Investigative reporting by ProPublica recently revealed that lots of state governments involved in the big Mortgage Foreclosure Fraud settlement between the Big Banks and the State Attorneys General have taken big chunks of the settlement monies for use in things other than helping foreclosure fraud victims. According to the ProPublica expose, $974,000,000 of the settlement monies have been used against budgets in the red, or to fund stuff not connected with foreclosure issues — to the tune of almost 40% of the Settlement Monies being diverted.
And, yes, Florida is one of those states with their hands in the Settlement Cookie Jar.
Earlier this month, we posted Pam Bondi’s request for input on how Florida’s $300+ million share of the Mortgage Foreclosure Fraud settlement should be used. Hopefully, some Average Joe citizens gave the Florida Attorney General their take on things.
It’s on the record that Florida Realtors provided their opinion — the state’s largest organization for realtors suggested that the Sadowski Housing Trust Fund receive at least a third of the settlement proceeds, in support of affordable housing efforts across Florida, including the State Housing Initiative Program (SHIP) and State Apartment Incentive Loan program (SAIL).
Interestingly, part of the argument advanced by Florida Realtors was that the Florida Legislature had taken money from the Sadowski Trust Fund for general revenue in the past, cutting housing programs – and now, the settlement monies could be used to fund existing housing programs that could help “to avoid preventable foreclosures” and “ameliorate the effects of the foreclosure crisis.”
According to the ProPublica investigation, already $33,000,000 of the Florida settlement funds have been diverted from the intended foreclosure assistance for which they were paid and put into the Florida general fund. Just like lots of other states are doing.
Larry Tolchinsky’s Tip:
Of course, there’s good news. So far, things aren’t as bad as Georgia and California where ProPublica reports ALL the settlement monies from the AG-Big Bank Foreclosure Fraud deal have gone into their state general fund. (California’s general legislature still has to approve it.)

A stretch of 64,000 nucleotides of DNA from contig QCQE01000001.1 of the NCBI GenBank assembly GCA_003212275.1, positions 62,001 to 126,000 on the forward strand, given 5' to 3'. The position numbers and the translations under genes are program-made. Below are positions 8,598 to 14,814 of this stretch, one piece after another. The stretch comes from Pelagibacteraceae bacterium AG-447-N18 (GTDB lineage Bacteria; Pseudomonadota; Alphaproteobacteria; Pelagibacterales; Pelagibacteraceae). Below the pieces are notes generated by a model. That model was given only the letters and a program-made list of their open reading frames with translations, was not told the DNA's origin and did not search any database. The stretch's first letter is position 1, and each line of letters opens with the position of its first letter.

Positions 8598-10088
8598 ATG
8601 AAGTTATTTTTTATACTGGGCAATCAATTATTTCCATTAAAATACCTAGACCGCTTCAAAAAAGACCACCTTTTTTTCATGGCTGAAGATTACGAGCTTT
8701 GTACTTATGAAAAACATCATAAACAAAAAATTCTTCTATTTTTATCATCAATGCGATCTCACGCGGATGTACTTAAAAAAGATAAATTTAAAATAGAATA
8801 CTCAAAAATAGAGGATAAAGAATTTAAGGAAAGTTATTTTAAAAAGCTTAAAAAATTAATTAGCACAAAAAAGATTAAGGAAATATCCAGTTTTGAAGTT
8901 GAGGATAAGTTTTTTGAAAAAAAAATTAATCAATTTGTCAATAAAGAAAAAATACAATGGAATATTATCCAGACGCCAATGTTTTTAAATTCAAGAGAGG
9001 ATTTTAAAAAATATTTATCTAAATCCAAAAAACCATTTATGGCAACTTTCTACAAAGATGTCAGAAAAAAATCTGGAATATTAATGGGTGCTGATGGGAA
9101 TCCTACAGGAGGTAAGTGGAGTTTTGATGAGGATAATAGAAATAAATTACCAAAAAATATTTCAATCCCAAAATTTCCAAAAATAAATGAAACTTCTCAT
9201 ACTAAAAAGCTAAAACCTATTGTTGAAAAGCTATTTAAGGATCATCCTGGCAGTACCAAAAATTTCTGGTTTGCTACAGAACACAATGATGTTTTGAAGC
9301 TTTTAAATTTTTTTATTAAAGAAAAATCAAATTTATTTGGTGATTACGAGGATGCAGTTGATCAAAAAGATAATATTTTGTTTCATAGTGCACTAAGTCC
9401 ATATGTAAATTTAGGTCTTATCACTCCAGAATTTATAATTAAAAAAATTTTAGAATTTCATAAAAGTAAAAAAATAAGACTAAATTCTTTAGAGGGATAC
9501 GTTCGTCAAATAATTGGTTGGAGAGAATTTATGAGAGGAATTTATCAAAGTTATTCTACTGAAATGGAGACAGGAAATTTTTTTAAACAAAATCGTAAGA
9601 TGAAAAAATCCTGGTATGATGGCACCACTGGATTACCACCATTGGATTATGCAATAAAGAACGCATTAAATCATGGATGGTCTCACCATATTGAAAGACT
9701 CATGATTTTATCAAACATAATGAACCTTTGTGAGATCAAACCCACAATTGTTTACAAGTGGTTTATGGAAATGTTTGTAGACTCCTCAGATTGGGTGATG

However, one has to wonder when – and if – any Florida home owner victimized by the Florida Foreclosure Fraud crisis will be helped in any way by these settlement monies. This news has many people angry: read the comments at the Tampa Bay Times news coverage of the ProPublica report if you want to know their views. It’s likely that we’ll be reading more on the settlement money distribution and more people will be angry about how the money is being spent in the coming months.
Meanwhile, for those that have been hurt (and are continuing to be hurt – remember the underwater mortgages issue we addressed last week?), the answer most likely remains in their laps. Individuals will have to fight their own fights for justice: in loan modifications, in foreclosure defense, in appraisal fraud lawsuits, in fights against forced place insurance scams, and more.
What we’ve learned here: the executive branch isn’t the answer for most, and neither is the legislature. The judicial branch — the court system — remains the avenue for most Floridians who have been harmed in this real estate fiasco. It’s the Wild West out there, and that’s the reality of what we all have to deal with these days.
If you have questions or comments, please feel free to Chat with Larry in the comments below, at firstname.lastname@example.org or (954) 458-8655.
Have you noticed the rising number of court cases by homeowners against their banks. Seems as if they are taking your advice. What I’ve also noticed, as you can see from our link, is that attorney’s are beginning to make use of the Civil RICO complaint which would treble damages awarded to plaintiffs.
In a conversation with a RE Broker yesterday she indicated that most attorney’s have had little concern for stepping into the fray with homeowners “because there isn’t that much money in it for them”. And in questions I’ve submitted to various Florida attorneys myself I was struck by how few were aware of the punitive damage award when RICO is added to a complaint.
As I understand the reading of the law too, doesn’t it indicate that the state could seize the property taken in a fraudulent foreclosure case if the plaintiff wins and a RICO complaint is part of the filing?